Aquino's last Christmas with the media: I will miss the ambush interviews
MANILA, Philippines – It was not the usual event where the President of the Republic of the Philippines was stiff and formal or ready to field questions with the Malacañang Press Corps (MPC).
In this get-together, Benigno Aquino III showed his soft side, as if with friends. It was his last Christmas party with the so-called "brat pack," the term used to call the MPC during the time of Aquino's mother, that had been following him everywhere every day for the last 5 and a half years.
Aside from giving in to the media's yearly request for a song, the President was full of jokes, even deviating from reading his prepared speech, last December 11.
“May 'hinandang speech si JC (speechwriter), pero parang kulang sa personal touch so babaguhin ko na lang ho,” Aquino said. (JC prepared a speech, but I think it lacks personal touch so I will just change it.)
What’s a gathering with the President without making fun of his lovelife or lack of it? The President was just cool about it, laughing at jokes about his bachelorhood. Many of those present couldn’t help but laugh at the presentations that highlighted Aquino’s personal life and at Aquino’s candid responses.
Referring to a Palace reporter, Aquino jokingly said, "Kahit na ikakasal next year, hindi ko pinipersonal 'yon, na bagamat nakakatanda ako sa kanya, dapat hinintay niya ako. Ganoon talaga ang buhay, may lucky, mayroong hindi. Baka magkaroon rin ako [ng anak]. So pakiusap lang mamaya pagkain 'nyo, dahan-dahanin 'nyo 'yung cholesterol, dahil kung ako’y papalarin imbitahin ko kayo. Hindi ko lang ma'pangako sa inyo kung kailan 'yon."
(Even if he is getting married next year, I don't take it personally, even if I'm older than he is and he should have waited for me first. That's just how life is, there are lucky ones, there are those who are not. I might get to have a child too. So I wish you go slow on the cholesterol tonight. Because if I get fortunate enough [to get married], I will invite you. I'm just not sure when.)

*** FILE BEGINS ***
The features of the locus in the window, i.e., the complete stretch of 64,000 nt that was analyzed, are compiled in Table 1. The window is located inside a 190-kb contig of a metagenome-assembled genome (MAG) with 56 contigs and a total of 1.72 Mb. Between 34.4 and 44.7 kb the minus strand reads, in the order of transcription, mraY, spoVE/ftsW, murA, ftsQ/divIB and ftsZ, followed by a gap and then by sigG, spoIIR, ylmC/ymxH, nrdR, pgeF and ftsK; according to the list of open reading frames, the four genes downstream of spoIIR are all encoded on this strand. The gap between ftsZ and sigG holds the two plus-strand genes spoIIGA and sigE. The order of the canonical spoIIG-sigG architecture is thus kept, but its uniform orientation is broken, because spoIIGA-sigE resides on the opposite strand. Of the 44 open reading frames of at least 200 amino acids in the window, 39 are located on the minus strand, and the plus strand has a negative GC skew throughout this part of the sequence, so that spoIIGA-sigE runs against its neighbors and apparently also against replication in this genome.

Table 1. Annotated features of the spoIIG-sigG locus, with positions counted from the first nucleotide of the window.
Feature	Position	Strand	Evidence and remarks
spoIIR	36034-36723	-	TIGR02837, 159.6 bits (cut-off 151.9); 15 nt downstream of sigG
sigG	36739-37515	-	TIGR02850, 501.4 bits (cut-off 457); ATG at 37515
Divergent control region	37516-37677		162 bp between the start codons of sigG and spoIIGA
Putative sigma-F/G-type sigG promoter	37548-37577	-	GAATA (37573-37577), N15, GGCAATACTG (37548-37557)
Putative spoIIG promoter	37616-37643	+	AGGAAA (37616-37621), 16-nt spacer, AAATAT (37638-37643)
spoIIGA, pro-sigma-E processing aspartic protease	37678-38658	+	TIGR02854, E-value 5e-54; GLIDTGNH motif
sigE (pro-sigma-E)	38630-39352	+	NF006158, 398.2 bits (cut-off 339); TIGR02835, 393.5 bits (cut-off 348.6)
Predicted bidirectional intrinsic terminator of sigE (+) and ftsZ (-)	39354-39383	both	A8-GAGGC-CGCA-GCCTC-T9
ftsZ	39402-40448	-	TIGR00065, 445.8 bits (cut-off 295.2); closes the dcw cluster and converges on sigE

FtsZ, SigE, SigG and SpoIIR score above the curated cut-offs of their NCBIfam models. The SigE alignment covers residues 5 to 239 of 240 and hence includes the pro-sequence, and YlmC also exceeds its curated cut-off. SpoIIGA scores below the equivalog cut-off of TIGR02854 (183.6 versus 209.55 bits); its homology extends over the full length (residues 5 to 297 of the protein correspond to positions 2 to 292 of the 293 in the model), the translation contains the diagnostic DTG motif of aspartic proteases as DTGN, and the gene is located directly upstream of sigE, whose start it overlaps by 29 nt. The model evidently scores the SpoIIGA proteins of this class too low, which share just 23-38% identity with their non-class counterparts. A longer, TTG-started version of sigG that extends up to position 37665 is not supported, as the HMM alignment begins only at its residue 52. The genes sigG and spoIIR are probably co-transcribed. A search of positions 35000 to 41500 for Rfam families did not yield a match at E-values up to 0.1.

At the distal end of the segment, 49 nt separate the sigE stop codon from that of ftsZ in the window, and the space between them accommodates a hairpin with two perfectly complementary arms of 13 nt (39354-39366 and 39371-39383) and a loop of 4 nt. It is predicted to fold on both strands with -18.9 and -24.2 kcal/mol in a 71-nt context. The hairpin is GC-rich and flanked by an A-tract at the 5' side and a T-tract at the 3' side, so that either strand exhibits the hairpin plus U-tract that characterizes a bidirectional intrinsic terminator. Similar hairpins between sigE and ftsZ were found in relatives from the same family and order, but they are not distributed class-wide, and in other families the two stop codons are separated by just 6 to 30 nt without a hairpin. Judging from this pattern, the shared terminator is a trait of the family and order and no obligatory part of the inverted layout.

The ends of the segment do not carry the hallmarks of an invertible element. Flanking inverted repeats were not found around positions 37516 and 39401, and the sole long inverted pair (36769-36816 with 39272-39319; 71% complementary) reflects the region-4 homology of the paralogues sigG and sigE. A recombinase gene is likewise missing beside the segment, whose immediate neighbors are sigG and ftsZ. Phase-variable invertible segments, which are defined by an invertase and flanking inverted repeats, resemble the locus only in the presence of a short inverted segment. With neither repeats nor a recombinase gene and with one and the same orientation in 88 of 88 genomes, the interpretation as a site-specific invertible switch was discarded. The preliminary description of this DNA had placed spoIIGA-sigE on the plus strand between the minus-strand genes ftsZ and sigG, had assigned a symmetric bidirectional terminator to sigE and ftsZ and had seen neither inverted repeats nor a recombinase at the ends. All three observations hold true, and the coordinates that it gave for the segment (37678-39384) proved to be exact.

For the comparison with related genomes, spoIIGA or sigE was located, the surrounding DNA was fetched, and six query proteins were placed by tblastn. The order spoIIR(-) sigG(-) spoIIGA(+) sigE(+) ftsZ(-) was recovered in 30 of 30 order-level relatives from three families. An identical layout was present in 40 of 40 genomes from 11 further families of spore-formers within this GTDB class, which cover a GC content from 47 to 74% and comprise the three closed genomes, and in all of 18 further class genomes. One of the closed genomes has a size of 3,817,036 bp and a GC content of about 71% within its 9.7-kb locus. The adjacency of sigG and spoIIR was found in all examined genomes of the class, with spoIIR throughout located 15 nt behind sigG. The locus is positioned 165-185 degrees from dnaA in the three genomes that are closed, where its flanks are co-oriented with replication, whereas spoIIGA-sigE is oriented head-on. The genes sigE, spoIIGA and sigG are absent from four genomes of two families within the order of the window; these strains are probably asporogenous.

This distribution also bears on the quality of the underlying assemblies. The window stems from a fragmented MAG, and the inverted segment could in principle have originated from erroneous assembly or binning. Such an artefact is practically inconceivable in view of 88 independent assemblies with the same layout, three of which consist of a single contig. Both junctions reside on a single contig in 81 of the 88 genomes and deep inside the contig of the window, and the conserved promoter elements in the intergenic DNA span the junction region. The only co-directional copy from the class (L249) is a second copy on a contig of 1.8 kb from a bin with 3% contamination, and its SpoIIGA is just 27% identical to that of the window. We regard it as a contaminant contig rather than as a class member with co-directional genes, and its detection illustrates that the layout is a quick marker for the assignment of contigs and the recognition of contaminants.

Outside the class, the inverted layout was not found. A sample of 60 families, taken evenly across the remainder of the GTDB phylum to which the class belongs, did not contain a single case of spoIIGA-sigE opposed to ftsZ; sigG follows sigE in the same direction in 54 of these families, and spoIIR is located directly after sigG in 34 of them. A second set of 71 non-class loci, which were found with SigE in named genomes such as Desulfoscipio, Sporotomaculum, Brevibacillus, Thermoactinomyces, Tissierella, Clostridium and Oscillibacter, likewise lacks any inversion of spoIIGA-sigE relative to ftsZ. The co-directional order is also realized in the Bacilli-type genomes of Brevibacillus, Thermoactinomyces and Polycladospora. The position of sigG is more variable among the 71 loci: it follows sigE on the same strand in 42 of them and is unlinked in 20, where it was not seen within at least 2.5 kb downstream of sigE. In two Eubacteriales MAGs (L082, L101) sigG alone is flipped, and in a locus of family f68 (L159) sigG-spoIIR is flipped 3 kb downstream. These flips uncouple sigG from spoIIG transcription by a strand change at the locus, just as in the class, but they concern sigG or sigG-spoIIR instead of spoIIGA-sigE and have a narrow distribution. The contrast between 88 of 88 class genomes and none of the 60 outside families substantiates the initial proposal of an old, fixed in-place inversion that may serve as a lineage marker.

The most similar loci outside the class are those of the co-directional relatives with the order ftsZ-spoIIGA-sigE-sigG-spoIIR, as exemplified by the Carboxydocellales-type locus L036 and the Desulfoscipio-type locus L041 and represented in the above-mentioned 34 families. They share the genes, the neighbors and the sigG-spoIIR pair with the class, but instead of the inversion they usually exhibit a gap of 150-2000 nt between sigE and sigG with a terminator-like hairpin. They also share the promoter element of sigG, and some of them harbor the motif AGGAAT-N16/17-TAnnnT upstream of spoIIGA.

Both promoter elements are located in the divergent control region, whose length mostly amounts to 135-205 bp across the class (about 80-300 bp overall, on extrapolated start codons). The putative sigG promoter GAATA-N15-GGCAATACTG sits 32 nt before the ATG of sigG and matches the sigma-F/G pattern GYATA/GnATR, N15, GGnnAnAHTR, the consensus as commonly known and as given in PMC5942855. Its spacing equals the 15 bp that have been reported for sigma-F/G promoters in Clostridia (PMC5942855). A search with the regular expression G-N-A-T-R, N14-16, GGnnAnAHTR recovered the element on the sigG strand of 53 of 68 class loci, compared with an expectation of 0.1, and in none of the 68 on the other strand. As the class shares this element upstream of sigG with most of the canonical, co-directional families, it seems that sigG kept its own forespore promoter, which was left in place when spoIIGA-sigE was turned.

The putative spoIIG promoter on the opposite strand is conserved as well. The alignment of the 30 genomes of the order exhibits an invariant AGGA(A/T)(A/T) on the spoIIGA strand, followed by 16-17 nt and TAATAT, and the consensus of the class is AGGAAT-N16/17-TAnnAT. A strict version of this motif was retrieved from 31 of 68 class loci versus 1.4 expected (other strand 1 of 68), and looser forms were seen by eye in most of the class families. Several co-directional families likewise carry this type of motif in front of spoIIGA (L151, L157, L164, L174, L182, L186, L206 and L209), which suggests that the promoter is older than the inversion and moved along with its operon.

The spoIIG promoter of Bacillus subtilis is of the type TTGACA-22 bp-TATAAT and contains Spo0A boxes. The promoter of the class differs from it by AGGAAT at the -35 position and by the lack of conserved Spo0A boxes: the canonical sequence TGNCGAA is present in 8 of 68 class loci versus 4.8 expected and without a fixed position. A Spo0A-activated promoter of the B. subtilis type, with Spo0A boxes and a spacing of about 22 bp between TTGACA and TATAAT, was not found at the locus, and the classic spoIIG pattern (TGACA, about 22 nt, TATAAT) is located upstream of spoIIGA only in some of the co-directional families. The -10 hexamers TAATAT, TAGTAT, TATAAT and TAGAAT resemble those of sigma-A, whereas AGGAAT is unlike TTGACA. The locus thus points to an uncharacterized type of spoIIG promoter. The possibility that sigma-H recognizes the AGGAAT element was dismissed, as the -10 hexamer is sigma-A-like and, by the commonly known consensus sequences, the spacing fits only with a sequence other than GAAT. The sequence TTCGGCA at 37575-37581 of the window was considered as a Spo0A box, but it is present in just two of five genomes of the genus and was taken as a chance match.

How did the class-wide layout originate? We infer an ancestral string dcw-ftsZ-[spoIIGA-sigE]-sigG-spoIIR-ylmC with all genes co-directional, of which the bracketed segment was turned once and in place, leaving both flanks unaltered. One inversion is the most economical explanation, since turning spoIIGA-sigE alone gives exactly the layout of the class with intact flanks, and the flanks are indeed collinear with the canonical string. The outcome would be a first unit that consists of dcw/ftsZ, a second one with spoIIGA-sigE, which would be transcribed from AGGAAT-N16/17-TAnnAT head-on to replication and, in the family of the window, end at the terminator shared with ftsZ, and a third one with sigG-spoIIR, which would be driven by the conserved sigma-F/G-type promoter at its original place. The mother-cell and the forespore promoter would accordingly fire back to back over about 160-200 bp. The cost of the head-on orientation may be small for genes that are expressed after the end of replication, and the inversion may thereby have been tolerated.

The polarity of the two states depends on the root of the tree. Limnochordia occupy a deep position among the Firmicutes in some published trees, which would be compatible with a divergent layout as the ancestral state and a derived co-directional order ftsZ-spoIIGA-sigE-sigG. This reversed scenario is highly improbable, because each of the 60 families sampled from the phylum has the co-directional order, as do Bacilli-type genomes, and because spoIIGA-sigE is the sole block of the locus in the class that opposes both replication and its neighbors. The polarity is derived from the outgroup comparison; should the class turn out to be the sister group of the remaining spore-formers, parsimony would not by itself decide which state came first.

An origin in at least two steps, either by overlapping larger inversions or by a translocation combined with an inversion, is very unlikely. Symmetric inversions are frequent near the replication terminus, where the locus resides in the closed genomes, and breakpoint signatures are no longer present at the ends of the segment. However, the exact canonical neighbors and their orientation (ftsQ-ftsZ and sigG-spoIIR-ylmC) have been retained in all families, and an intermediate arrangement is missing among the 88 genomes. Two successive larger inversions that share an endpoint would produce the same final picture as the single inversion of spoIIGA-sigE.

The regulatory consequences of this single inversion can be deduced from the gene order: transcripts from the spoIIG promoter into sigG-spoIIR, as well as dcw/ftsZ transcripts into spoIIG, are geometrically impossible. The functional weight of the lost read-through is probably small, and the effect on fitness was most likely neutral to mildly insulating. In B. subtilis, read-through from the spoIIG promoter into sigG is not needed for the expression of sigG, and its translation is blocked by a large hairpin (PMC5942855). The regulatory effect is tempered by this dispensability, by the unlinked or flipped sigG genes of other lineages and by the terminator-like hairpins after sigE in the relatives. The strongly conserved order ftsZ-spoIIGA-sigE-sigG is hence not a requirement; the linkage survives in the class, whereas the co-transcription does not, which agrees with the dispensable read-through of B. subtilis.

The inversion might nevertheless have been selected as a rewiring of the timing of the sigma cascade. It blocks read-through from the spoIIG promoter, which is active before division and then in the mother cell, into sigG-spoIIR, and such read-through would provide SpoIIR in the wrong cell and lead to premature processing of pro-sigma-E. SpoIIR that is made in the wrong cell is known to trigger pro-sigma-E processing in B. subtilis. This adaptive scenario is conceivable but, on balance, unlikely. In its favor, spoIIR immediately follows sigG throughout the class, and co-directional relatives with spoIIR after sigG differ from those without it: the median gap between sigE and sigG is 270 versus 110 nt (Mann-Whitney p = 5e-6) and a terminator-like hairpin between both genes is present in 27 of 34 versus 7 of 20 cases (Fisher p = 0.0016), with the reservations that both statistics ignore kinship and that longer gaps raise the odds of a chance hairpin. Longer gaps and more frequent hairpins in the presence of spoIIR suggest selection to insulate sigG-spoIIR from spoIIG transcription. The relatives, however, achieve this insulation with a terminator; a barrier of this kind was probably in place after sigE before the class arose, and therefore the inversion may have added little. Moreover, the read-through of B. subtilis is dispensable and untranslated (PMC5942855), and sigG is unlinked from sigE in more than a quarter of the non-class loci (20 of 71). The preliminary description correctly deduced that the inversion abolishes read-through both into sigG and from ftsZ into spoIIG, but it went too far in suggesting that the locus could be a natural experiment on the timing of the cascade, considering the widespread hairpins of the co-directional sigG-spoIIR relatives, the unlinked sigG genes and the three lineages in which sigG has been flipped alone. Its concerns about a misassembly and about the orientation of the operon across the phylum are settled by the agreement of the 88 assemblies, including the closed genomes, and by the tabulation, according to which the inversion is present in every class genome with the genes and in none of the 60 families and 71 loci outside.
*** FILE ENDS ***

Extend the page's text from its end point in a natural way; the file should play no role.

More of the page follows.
With only 6 months left before Aquino steps down, he took the opportunity to thank the media for the love-hate relationship he has with them. In retrospect, I think all government officials have that kind of relationship with the press.
While he said the media takes on an adversarial role, he was quick to point out that the press has served as his "extended family."
“At sa totoo lang, 'di ba, parang ganoon talaga, parang may pagka-adversarial role. (Truth is, that's how it is, [media] takes on an adversarial role.) But you have made me feel, you have your jobs to do, you have your desks that pressure you, but at the end of the day, I think I can really say with utmost confidence and I can put my hand on any Bible and say, to a large degree, those of you who were here tried to give us really a fair shake. Whether or not you were allowed to give us a fair shake is another matter,” he said.
“I could sense that you were really one of us and in that sense parang extended family ko na kayo (you're like my extended family). Dinamayan na rin 'nyo ako rito (You empathized with me) to the extent and to the limits that you had. Perhaps some of you fell afoul of your various organizations because you were not hypercritical enough. But I can really say that it’s really a pleasure to deal for the most part with a thoroughly professional group such as yourself,” he added.
Many things can be said about the President, but one thing is certain: he doesn’t mince his words when it comes to his feelings about the media.
I am relatively new in covering him. But it does not take a long time to know this, or something like it.
In just a few weeks of being assigned to the Palace, there was a time I was not allowed to ask him any question. Until now, I do not know why or how. But that was straightened out and all is well that ends well.
Also, how can we forget that awkward moment when he scolded former Vice President and now TV Patrol news anchor Noli de Castro during his speech at the program’s 25th anniversary? Never mind that De Castro was there, the President had to make his comments known.